Missed? No, they are right there in the report. Ie, technologies that we do not have, which would individually be a major NASA program, and which are the minimum requirement for a space elevator of any type. (The robotic repair systems alone are probably beyond the current state of the art of robotics, IMO. But the ground station, the "tramway" tower construction (let alone ISRU fabrication), the L1 ribbon deployment system, the actual elevator "cars", even the single use "tramway" cable tow-vehicle, etc etc etc. Possibly within current technological limits, but each hideously expensive to develop.)
A single 1km lunar tower construction would be the largest (and most expensive) project NASA has even done, even if the parts were already sitting in crates on the lunar surface. Pearson needs over 50 of them (more if they are smaller). And they are a small side-part of his proposal.
Likewise, a lunar facility which could produce tower-parts from lunar materials would be the most technologically advanced research project NASA has attempted in decades, even without the actual construction of towers. Much more demanding than anything going on at the $3b/yr ISS, or any of the $3b/yr SLS development, or the $9b JWST. And that's just something capable of taking regolith and outputting a small number of tower components; not something capable of actually producing a full 1km tower's-worth, let alone 50+. Just being able to produce the required types of parts at all. And ignoring that it has to be mobile and capable to tracking from the equator to the poles. (Or have a fleet of delivery vehicles capable of relaying parts to and from the construction sites. Each of which would be the largest and most advanced vehicles ever produced by NASA. Making the Mars Curiosity rover look like a toy.)
There's probably a thousand other technologies of similar difficulty and expense that I'm missing, too. These few just jumped out at me. Components which would individually be multi-decade multi-$billion/yr Agency-wide flagship programs. The 180,000km ribbon itself is beyond me to even speculate over the difficulty or cost, plus the ribbon's deployment system...
It's the difference in the definition of "Feasible". A lot of impossible/difficult/expensive proposals are deemed "feasible" by NASA standards. "No show-stoppers" as they say. Venture Star was "feasible", NASP was "feasible", Freedom Space Station was "feasible". Hell, SLS is considered not just "feasible" but "low-risk". Similar reports in the seventies of giant space-stations (Stanford Torus, Bernal sphere, or O'Neill cylinders) were considered "technologically feasible". And they likewise required impossibly huge projects as small sub-sets of their development (such as mining, processing, and giant mass drivers on the moon just to supply the raw materials for their construction.)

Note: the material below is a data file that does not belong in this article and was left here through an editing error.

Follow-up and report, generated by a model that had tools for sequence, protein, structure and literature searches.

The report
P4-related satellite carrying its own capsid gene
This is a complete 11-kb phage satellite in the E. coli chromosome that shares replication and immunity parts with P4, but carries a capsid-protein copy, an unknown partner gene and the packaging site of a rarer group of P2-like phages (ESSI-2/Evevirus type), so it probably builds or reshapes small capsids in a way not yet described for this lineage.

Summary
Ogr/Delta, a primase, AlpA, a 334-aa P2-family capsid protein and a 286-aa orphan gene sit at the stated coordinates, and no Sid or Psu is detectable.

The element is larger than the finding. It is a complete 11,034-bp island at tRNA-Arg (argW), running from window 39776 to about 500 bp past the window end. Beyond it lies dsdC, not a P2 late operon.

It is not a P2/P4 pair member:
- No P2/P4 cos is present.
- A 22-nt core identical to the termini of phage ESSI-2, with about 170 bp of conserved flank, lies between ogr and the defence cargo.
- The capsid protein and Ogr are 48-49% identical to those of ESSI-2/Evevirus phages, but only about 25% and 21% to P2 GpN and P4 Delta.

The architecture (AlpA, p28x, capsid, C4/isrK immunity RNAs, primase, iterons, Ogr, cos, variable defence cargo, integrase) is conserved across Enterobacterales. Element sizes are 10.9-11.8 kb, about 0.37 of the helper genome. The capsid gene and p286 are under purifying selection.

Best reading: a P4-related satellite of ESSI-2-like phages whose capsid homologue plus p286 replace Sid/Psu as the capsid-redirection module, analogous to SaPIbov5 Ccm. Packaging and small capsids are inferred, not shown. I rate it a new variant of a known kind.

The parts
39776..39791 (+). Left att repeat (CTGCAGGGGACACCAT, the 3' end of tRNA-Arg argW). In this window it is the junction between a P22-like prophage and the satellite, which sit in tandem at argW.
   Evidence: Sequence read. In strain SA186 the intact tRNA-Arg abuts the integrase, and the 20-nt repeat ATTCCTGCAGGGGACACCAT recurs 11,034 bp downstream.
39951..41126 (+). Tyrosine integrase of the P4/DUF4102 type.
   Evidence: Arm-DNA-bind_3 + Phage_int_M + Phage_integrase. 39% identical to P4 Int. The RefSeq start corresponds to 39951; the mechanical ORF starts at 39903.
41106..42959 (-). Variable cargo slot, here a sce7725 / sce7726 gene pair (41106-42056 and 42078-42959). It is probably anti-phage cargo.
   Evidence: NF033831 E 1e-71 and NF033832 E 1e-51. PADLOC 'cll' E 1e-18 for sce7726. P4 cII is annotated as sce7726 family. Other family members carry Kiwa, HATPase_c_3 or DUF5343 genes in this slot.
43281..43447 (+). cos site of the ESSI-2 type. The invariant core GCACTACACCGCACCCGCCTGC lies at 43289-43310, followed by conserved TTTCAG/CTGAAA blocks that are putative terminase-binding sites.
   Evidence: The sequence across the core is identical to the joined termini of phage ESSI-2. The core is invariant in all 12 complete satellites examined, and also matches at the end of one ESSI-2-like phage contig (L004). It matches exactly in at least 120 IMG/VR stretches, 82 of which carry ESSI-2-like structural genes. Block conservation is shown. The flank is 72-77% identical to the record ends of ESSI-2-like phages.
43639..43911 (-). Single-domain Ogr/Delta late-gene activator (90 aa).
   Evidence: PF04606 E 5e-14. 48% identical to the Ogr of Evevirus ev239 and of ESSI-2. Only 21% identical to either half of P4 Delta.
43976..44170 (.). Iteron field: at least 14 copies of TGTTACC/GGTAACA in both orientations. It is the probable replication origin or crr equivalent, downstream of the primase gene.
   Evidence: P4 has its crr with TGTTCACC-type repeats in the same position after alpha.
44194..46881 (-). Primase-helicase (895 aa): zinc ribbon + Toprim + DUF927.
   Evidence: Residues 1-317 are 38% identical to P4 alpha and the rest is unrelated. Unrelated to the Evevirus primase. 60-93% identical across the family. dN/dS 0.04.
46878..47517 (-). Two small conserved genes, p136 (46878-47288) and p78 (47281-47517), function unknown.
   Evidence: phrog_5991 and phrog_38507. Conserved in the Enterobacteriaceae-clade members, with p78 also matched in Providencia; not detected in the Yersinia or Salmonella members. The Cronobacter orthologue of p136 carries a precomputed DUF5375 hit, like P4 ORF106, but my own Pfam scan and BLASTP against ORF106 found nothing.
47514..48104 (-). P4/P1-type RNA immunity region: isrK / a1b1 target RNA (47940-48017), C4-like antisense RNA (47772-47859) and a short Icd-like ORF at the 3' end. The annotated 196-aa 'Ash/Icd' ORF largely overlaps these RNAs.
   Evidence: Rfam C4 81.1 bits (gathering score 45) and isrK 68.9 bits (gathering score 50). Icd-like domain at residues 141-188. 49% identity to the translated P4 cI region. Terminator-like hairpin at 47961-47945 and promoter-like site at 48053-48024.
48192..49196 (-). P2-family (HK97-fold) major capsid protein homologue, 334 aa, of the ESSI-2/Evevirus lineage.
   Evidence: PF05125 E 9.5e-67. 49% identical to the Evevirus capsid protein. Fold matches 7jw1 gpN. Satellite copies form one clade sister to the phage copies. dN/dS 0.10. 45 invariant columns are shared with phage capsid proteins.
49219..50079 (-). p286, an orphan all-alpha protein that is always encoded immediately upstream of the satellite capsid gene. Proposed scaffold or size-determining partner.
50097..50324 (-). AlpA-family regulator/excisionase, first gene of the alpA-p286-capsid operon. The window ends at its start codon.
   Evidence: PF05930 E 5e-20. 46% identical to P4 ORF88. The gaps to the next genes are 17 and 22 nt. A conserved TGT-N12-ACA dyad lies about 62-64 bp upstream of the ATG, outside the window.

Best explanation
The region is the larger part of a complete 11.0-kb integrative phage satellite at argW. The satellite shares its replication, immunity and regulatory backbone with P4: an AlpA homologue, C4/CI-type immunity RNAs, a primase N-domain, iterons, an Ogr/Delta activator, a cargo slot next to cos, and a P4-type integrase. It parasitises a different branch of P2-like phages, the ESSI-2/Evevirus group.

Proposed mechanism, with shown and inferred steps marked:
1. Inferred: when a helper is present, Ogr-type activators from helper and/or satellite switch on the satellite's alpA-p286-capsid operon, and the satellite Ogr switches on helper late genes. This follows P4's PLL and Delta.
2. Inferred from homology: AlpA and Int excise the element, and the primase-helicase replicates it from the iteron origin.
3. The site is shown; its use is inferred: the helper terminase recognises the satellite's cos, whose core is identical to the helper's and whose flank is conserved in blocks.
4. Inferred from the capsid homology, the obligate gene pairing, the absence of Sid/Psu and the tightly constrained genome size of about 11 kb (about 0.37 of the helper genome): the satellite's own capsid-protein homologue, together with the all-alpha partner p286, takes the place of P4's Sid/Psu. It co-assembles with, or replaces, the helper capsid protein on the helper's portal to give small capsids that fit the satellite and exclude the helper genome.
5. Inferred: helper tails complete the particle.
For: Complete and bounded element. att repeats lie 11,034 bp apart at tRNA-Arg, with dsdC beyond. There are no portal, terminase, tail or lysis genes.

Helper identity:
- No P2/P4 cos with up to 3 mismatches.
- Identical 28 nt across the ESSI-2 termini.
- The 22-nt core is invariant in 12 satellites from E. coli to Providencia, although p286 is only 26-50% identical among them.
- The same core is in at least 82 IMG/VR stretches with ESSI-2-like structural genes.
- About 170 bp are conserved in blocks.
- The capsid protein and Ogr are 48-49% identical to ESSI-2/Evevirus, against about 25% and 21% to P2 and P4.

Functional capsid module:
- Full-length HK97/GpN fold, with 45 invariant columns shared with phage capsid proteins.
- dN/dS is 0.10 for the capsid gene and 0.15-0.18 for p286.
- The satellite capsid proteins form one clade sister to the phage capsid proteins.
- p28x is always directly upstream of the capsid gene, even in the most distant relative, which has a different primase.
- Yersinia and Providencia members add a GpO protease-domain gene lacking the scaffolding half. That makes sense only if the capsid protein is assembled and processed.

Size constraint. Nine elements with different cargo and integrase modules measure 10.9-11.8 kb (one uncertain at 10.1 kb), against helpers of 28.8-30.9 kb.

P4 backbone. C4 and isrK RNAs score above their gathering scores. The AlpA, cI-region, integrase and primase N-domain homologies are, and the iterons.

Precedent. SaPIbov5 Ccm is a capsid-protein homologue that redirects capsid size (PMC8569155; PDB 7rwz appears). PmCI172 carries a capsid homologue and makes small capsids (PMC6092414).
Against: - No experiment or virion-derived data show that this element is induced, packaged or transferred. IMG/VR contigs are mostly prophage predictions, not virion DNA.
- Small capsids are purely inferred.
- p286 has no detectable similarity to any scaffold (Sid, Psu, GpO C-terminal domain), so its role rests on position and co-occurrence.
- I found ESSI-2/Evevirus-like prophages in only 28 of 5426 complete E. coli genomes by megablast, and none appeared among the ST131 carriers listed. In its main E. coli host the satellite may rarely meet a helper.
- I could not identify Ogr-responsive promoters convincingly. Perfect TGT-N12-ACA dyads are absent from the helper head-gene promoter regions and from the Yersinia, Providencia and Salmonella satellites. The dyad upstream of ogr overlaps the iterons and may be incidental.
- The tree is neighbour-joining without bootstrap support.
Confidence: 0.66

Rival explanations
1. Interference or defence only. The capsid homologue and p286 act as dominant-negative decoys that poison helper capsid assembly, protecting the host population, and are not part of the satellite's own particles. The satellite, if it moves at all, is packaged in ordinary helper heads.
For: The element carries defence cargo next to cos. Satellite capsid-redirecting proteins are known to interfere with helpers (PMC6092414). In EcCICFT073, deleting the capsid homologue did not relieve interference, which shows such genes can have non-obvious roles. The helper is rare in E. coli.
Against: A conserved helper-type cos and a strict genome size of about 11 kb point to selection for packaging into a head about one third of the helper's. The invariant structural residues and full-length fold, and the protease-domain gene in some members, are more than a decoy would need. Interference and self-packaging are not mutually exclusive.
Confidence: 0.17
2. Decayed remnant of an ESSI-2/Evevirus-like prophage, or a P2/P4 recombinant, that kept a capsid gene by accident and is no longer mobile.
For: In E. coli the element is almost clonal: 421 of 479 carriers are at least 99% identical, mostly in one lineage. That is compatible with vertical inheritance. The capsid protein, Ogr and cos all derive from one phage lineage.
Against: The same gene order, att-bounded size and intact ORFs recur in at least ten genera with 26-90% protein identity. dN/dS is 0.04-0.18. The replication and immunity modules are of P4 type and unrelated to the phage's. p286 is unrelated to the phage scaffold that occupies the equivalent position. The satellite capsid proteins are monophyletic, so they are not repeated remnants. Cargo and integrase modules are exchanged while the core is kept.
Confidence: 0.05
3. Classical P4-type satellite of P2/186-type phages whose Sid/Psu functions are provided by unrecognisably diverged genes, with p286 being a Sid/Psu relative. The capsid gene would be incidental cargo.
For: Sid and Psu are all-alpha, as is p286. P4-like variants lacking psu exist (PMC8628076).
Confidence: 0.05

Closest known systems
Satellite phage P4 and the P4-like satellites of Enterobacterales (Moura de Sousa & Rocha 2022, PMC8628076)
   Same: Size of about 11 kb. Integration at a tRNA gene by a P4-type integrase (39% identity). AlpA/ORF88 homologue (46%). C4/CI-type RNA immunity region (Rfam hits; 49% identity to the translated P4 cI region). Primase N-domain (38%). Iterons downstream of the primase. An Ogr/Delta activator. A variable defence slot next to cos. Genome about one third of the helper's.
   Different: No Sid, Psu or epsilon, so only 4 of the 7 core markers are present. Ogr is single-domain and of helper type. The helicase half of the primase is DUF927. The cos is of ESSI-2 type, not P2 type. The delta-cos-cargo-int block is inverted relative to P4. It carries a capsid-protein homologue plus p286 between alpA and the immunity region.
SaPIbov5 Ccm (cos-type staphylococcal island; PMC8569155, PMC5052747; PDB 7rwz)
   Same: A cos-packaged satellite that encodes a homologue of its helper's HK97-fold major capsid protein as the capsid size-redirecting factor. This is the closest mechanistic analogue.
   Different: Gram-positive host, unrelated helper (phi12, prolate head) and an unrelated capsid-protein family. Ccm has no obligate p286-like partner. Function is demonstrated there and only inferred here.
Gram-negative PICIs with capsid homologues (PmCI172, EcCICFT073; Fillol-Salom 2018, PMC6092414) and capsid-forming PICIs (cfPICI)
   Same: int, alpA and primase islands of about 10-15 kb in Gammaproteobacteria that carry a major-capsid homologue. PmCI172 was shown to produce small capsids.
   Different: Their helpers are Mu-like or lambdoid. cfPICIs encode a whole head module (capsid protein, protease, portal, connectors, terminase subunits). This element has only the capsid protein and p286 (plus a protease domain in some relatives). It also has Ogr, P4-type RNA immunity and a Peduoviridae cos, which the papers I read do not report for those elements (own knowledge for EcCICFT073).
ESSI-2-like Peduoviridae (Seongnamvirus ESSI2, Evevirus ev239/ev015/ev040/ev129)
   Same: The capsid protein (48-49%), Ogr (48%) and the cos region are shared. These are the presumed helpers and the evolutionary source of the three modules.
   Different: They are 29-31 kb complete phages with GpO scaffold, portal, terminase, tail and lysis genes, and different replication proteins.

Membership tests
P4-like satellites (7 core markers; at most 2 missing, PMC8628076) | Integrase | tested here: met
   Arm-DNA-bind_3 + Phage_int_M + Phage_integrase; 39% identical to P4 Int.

Pearson's elevator, while simpler than an O'Neill cylinder, would nonetheless make the Apollo program look like NASA's Christmas video.
[Aside: My throw-away comment in last post "or the sort of autonomous in-situ manufacturing that would have already replaced the entire manufacturing industry on Earth" is unclear. I meant if you had the technology to automate the construction of 1km lunar towers from nothing but lunar regolith and solar power, the same technology would have already revolutionised and replaced the majority of manufacturing and especially construction if used here on Earth. Imagine being able to construct, say, concrete and steel buildings or bridges by feeding iron ore, limestone, coke, water, etc, into an automated (solar powered) construction system.
Further aside: BTW, we should be developing lunar and asteroidal ISRU technologies. But proposing a giant space project which treats this radical and revolutionary technological advance as if it's already proven and mature... Hence, "you have to have an industry in place in space so large that you must have already solved the problem you are trying to solve with a space elevator."]